helpful, friendly. These words show up repeatedly in Marvin
As if they are on a
continuous loop through his brain, Richardson paints the words in a
colorful scrawl on paper scraps, matte board - anything that can hold
the power of the message.
They are from the
Boy Scout Law, words that mean a lot to Richardson, 73, who was a
scout as a boy, and later an active volunteer.
Richardson is about
as proud of the words as he is of his art show coming up on Friday.
His friend Chris Garner arranged the event. Garner asked Richardson
what he'd like to call it:
"The Really Big Art
Shew," Richardson said.
Richardson about nine years ago when Richardson brought him some of
his Boy Scout awards to be framed.
"I just thought he
was a real neat guy they were allowing to help with the Boy Scouts,"
said Garner, 44, owner of Garner Picture Framing Co. at 632 S.
Perkins. "He's like a walking Rorschach test. He says the first thing
that comes in his mind and it's usually real happy. He always has nice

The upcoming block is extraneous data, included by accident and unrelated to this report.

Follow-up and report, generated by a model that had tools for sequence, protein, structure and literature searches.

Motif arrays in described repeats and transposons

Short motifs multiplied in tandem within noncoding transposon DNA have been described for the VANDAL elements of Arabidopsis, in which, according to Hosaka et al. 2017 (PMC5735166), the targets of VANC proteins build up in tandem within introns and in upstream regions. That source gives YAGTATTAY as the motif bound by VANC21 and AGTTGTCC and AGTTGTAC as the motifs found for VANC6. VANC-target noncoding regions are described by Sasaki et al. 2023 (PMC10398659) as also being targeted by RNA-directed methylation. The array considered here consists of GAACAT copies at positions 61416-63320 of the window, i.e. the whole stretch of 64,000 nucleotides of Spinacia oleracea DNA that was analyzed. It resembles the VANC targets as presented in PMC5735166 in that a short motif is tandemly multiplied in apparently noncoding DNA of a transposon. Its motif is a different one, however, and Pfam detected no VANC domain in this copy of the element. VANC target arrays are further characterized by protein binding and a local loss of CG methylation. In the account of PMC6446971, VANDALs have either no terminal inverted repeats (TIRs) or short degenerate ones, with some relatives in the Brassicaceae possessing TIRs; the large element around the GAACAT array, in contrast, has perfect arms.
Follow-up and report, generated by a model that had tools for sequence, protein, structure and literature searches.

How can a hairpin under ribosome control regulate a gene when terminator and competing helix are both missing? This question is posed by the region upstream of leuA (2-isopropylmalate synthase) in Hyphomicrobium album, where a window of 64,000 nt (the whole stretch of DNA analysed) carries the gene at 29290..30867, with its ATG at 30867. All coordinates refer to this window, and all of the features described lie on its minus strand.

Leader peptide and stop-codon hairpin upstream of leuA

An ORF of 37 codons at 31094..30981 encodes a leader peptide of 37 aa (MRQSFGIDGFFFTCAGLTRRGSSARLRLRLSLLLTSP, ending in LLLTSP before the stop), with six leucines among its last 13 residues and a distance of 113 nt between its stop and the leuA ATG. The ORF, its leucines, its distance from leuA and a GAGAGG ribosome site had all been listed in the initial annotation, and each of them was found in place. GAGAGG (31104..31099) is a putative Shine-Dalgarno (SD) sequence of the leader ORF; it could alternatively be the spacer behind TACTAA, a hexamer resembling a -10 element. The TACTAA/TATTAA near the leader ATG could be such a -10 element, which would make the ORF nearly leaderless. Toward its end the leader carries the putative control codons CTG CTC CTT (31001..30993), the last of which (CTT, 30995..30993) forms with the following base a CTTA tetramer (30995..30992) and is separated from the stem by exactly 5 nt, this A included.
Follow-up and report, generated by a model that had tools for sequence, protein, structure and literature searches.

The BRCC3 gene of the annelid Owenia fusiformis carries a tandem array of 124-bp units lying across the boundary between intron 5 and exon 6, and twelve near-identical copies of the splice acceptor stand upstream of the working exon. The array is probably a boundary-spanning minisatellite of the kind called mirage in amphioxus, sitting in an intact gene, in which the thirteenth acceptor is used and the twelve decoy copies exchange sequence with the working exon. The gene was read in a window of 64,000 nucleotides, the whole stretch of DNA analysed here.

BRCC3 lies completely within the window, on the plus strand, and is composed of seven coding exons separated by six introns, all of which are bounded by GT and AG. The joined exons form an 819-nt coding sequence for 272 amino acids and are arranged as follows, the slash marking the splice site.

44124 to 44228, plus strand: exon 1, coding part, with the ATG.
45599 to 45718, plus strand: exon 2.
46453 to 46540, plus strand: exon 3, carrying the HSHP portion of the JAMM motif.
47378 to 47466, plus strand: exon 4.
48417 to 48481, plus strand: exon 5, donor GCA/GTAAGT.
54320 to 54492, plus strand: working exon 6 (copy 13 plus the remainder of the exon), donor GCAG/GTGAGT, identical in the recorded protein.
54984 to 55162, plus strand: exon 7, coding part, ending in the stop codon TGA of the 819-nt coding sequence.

things to say. He's a real positive, happy individual."
discovered Richardson, who is mentally challenged, was a talented
"outsider" artist. "Outsider art is usually work that is not
originally meant for sale. It's usually work done by someone untrained
who has little or no influences other than their memory, their
spirituality, their demons. It usually comes from within."
Garner is presenting
a show of more than 60 of Richardson's paintings from 6 to 8:30 p.m.
Friday at the frame shop. The show will include Boy Scout Law and Boy
Scout Oath paintings as well as florals, landscapes and abstracts.
"We're going to make
some Scout Oath T-shirts," Garner said. "We're going to have a lot of
fun. He'll be so excited. It's going to be his big day."
Nancy Cheairs, noted
Memphis artist, plans to be there. She's particularly fond of
Richardson's flower paintings.
"The flowers are
very dreamlike and impressionistic and the colors are sort of muted
and ethereal," she said.